This post is part of the Writing is Like Metaphor Series.
Often, my students are not sure how to use semicolons correctly when they come into the classroom. Once they’ve learned, it’s as if they want to make up for lost time and throw them into every other sentence. It’s fun to see them learn to use a new writing tool, but you know the old saying: “when all you have is a hammer, everything’s a nail.”
In order to help my students think about when and where to use semicolons, I compare them to jewelry.
Jewelry is nice. When worn in a way that suits you well and fits your style, it can be classy. But if you put on all of the jewelry you own at the same time, you tip over into flashy. When you wear jewelry, you want people to notice it but not dwell on it. You want the jewelry to complement your look, not erase you.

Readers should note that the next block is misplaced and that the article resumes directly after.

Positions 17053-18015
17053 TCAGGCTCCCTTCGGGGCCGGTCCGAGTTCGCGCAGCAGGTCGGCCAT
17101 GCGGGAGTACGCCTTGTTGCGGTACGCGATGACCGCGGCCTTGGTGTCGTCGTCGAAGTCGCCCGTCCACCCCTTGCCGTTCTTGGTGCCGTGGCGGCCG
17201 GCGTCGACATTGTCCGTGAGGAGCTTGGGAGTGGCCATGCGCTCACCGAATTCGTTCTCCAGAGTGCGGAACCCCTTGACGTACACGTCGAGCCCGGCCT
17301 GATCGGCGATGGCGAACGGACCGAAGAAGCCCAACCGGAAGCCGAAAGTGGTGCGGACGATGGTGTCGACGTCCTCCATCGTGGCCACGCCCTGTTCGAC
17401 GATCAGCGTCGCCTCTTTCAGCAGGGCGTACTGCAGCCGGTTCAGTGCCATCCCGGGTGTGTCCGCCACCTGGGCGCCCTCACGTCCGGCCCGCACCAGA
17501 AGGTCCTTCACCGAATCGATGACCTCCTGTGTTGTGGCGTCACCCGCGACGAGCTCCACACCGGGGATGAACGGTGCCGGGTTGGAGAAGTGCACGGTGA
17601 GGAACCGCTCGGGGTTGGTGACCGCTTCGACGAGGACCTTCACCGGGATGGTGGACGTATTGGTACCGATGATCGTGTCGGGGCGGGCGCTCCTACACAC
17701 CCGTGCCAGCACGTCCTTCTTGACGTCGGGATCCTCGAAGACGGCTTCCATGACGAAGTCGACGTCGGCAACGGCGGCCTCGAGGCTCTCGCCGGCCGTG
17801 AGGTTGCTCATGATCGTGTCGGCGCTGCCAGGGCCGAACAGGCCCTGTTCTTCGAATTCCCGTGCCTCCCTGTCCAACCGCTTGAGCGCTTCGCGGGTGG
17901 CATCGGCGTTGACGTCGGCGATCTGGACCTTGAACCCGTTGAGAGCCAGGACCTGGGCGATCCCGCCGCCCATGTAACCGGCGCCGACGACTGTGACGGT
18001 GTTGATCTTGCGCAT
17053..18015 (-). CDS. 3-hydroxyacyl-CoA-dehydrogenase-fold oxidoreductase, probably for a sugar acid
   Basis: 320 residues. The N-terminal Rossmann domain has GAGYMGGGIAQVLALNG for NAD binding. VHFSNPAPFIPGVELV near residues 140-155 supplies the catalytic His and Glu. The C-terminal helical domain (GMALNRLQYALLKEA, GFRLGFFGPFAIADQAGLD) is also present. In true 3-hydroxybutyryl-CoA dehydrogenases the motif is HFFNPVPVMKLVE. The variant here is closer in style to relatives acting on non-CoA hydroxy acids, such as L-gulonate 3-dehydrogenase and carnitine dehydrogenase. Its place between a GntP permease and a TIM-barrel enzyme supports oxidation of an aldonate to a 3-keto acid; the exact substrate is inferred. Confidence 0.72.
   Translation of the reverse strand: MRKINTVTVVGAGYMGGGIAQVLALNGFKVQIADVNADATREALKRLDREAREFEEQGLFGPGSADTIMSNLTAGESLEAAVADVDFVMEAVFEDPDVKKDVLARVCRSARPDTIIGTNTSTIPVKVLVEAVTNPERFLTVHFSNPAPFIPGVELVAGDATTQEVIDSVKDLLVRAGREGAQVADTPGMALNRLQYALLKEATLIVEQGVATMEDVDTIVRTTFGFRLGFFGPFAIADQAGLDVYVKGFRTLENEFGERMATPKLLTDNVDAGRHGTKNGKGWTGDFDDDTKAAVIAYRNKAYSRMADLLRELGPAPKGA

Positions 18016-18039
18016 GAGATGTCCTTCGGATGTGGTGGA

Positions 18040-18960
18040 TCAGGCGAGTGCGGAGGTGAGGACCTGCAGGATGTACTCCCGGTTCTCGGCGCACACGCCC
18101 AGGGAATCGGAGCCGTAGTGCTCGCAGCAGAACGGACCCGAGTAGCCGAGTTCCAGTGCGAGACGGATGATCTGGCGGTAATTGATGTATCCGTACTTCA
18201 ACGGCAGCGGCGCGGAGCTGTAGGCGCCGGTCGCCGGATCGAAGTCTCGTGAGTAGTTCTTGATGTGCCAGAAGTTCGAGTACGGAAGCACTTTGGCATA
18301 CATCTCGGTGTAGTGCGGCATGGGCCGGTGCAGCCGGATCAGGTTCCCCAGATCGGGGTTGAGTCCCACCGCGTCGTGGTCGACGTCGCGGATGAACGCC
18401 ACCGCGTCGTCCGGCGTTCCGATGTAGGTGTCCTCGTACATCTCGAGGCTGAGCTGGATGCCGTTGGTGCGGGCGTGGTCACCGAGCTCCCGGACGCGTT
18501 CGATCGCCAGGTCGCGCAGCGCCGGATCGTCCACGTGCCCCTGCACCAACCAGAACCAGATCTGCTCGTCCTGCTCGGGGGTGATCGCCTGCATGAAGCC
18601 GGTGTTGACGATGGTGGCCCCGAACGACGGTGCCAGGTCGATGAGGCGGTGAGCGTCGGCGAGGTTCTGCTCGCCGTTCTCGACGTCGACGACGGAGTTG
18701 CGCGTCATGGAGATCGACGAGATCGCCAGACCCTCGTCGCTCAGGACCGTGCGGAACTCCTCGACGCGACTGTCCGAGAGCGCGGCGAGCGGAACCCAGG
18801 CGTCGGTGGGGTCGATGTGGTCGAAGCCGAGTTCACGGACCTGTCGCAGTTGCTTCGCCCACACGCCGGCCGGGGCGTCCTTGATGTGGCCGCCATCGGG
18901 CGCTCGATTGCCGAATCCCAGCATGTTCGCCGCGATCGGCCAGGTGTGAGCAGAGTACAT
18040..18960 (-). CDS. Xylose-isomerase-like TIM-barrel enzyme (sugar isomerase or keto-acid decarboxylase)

Wearing too much jewelry can backfire. You put it on to make sure that people notice you, but instead all they notice is your jewelry. You vanish behind the glitz.
Semicolons work the same way. You dress your paper up in them to get people to notice your style and good taste, but when you use too many, they can’t focus on what you’re saying anymore. All they see is your bling.
Photo used and adapted with Creative Commons license from Flickr user pumpkincat210